Verifying Integer Programming Results

Verifying Integer Programming Results

Kevin K. H. Cheung  and Ambros Gleixner  and Daniel E. Steffy School of Mathematics and Statistics, Carleton University, Ottawa, ON, Canada, Optimization, Zuse Institute Berlin, Takustr. 7, 14195 Berlin, Germany, of Mathematics and Statistics, Oakland University, Rochester, MI, USA,
November 20, 2016

Software for mixed-integer linear programming can return incorrect results for a number of reasons, one being the use of inexact floating-point arithmetic. Even solvers that employ exact arithmetic may suffer from programming or algorithmic errors, motivating the desire for a way to produce independently verifiable certificates of claimed results. Due to the complex nature of state-of-the-art MILP solution algorithms, the ideal form of such a certificate is not entirely clear. This paper proposes such a certificate format, illustrating its capabilities and structure through examples. The certificate format is designed with simplicity in mind and is composed of a list of statements that can be sequentially verified using a limited number of simple yet powerful inference rules. We present a supplementary verification tool for compressing and checking these certificates independently of how they were created. We report computational results on a selection of mixed-integer linear programming instances from the literature. To this end, we have extended the exact rational version of the MIP solver SCIP to produce such certificates.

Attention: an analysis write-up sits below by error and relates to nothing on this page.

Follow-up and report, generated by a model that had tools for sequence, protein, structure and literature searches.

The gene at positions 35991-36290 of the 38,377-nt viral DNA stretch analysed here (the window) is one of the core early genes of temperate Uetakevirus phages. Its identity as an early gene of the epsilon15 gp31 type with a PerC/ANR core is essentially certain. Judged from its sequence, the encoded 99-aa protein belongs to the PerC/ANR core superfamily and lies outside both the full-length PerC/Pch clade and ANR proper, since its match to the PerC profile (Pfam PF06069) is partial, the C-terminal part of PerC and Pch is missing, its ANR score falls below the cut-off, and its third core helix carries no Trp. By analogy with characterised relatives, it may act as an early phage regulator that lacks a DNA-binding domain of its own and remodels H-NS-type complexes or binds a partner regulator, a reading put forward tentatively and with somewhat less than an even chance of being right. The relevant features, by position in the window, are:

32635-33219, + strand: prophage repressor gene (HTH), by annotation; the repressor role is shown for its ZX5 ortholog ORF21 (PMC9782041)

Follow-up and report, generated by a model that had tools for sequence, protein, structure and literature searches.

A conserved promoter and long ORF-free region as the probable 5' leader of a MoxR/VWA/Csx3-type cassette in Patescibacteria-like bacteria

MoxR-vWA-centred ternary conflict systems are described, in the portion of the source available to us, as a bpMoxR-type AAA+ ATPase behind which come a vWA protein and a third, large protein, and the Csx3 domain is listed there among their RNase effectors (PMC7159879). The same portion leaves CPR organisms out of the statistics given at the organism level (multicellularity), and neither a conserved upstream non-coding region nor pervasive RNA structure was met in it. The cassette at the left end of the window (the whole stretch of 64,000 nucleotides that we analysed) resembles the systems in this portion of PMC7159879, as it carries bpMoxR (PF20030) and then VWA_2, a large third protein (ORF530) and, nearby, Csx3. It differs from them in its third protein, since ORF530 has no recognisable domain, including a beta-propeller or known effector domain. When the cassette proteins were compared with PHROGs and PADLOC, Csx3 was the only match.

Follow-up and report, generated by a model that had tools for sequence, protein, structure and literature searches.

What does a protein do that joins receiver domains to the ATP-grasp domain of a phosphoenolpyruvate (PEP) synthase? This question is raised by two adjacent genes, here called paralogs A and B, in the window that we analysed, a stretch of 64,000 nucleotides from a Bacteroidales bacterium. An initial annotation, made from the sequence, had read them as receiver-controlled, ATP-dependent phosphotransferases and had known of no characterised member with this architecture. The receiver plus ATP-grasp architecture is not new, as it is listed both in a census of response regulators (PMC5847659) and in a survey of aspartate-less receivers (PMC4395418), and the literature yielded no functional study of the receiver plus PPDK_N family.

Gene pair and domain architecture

Keywords: correctness, verification, proof, certificate, optimality, infeasibility, mixed-integer linear programming

Kevin K. H. Cheung, Ambros Gleixner, and Daniel E. Steffy

[6ex] Verifying Integer Programming Results

Zuse Institute Berlin
Takustr. 7
14195 Berlin

Telephone: +49 30-84185-0
Telefax: +49 30-84185-125

ZIB-Report (Print) ISSN 1438-0064
ZIB-Report (Internet) ISSN 2192-7782

1 Introduction

Let denote the following mixed-integer linear programming (MILP) problem:

where is a positive integer, , is a finite set of linear constraints on with rational coefficients, and .

Methods and techniques for solving instances of have been developed over the years. Solvers can now routinely handle large-scale instances. As the size of the instances that can be solved and the complexity of the solvers increase, a question emerges: How does one know if the computational results are correct?